I don’t know that I do anything (active) to get ideas. Ideas present themselves to me, get inside my brain and ping around in there for a while. It helps to read a lot, go places, see people. It’s hard to get inspired if one doesn’t actively work to get educated about a lot of different things.
Briefly describe a few wrong impressions writers indulge in
I think the most dangerous or harmful thing that writers do is to compare oneself to others. It’s just crazy. It’s also maddeningly easy to do. Another wrong impression is that you have to write when you’re inspired. Screw that. You write when you have time to write. The inspiration will follow. And that’s another thing: time. You don’t necessarily need a huge chunk of time (2 hours, 5 hours, 10 hours) to get some significant work done. Looking at the clock and saying, “Oh, I don’t have time for X,Y,Z” is a way of sabotaging yourself. Also, get the hell off the internet. And go for a walk.
Do you often take courses in writing to increase your craft
I don’t often take courses but I have signed up for workshops to help me get through a first draft. For several years, I took Lee Wochner’s Words that Speak playwriting workshop, and that was a fantastic way to make sure I kept writing (7 pages per week, minimum) and to get great feedback from a great group of writers. Lee is an excellent workshop facilitator, and always asks helpfully specific questions.
What books do you read
This is a nearly impossible question to answer. I try to read a lot. Books on craft, books on history, plays, sci fi, literary fiction, short stories, plays, current events, non-fiction… Lately, I’ve been reading a lot of sci fi – primarily by women. The most recent books I’ve read include:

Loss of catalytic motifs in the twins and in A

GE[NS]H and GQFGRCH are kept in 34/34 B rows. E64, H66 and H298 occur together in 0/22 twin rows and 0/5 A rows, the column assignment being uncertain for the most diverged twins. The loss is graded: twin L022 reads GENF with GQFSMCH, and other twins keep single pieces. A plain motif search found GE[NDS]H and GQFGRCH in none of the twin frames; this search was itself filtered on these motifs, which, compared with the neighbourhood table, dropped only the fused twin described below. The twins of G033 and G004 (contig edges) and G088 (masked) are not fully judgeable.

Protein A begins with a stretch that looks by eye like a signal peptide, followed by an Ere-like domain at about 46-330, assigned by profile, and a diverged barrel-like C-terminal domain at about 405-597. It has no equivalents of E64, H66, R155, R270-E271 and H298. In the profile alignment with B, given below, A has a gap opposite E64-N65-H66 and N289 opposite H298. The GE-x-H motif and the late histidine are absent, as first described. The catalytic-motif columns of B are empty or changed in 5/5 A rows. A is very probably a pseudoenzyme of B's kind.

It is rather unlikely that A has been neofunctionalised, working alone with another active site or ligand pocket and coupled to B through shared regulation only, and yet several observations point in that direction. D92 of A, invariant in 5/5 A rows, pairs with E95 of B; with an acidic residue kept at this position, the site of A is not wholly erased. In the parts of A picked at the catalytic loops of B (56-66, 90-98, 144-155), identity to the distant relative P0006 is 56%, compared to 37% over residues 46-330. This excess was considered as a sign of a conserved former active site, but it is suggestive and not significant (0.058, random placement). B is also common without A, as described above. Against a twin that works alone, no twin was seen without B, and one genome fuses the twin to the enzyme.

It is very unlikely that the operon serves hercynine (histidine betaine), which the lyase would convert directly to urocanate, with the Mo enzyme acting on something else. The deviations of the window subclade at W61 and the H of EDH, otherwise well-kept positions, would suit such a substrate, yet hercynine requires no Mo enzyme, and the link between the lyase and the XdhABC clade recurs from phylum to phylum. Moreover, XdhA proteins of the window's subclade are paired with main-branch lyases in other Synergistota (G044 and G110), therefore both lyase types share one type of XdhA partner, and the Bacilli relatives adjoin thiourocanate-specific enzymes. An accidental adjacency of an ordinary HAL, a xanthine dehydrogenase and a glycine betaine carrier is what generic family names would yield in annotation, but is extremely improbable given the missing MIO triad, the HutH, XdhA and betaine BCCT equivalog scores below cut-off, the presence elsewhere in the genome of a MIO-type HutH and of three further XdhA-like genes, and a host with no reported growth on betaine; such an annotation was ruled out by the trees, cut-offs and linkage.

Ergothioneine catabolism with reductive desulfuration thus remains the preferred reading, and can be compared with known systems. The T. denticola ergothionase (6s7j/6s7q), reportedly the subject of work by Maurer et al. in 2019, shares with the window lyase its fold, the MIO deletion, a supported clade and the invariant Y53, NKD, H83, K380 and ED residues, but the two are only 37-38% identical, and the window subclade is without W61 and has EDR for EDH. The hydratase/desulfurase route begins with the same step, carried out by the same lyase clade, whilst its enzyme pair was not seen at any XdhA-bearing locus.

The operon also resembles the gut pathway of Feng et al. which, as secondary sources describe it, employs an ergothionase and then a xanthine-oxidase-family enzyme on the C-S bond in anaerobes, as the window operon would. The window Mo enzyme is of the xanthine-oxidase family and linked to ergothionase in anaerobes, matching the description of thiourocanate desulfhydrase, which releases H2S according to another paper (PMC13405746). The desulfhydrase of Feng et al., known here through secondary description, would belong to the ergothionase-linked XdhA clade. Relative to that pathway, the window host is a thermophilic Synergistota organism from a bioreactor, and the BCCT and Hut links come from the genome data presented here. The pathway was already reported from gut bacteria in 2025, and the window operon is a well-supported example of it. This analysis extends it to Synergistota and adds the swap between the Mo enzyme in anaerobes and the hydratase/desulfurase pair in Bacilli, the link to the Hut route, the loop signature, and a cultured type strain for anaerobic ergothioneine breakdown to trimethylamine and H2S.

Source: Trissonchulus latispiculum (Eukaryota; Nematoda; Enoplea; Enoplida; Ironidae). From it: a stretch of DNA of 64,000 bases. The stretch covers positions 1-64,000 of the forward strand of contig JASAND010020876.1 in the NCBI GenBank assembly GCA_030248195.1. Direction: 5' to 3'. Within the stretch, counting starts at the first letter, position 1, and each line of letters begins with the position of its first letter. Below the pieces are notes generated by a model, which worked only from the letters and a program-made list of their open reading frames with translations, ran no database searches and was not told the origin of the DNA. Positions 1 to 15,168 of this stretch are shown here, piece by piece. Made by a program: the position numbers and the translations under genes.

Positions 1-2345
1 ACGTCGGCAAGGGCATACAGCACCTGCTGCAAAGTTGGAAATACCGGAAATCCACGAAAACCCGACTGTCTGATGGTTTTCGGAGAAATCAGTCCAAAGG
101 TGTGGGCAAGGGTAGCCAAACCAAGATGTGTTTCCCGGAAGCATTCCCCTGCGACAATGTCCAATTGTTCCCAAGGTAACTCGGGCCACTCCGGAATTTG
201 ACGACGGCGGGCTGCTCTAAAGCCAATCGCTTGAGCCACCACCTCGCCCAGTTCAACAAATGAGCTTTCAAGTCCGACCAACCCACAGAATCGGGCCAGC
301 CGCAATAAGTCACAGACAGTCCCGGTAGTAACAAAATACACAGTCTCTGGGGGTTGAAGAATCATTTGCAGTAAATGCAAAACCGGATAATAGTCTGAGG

– The Shock Doctrine, by Naomi Klein
– Chanur’s Legacy, by C.J. Cherryh (and about a dozen other Cherryh books, including Downbelow Station & Cyteen)
– Trigger Warnings, by Neil Gaiman
– The Water Knife, by Paolo Bacigalupi
– Lagoon, by Nnedi Okorafor
– Lightless, by C.A. Higgins
What do you do to keep in shape as a writer
Write as much as possible. Set difficult goals.
When you are offered a play to write what is your routine
For the past couple of years, when I get an idea of a play, I let it sit and percolate for a long, long time before I begin to write. I used to dive it the minute I got an idea, and then write myself into corners because I had not figured out some of the most basic parameters of the play. Now, I spend a long time on developing the foundation of the play, in my head, before I begin to write. Once I’ve figured out the bones of the play, the basic outline, then I start to write. As for routine? I’m not sure if I have one. I just try to write when I have a chunk of time (i.e., more than 15 minutes).
How do you develop a character in a script to be honest and believable
Act it in my head. And read it aloud. And get really good actors to read early drafts.
What is the most memorable character you have created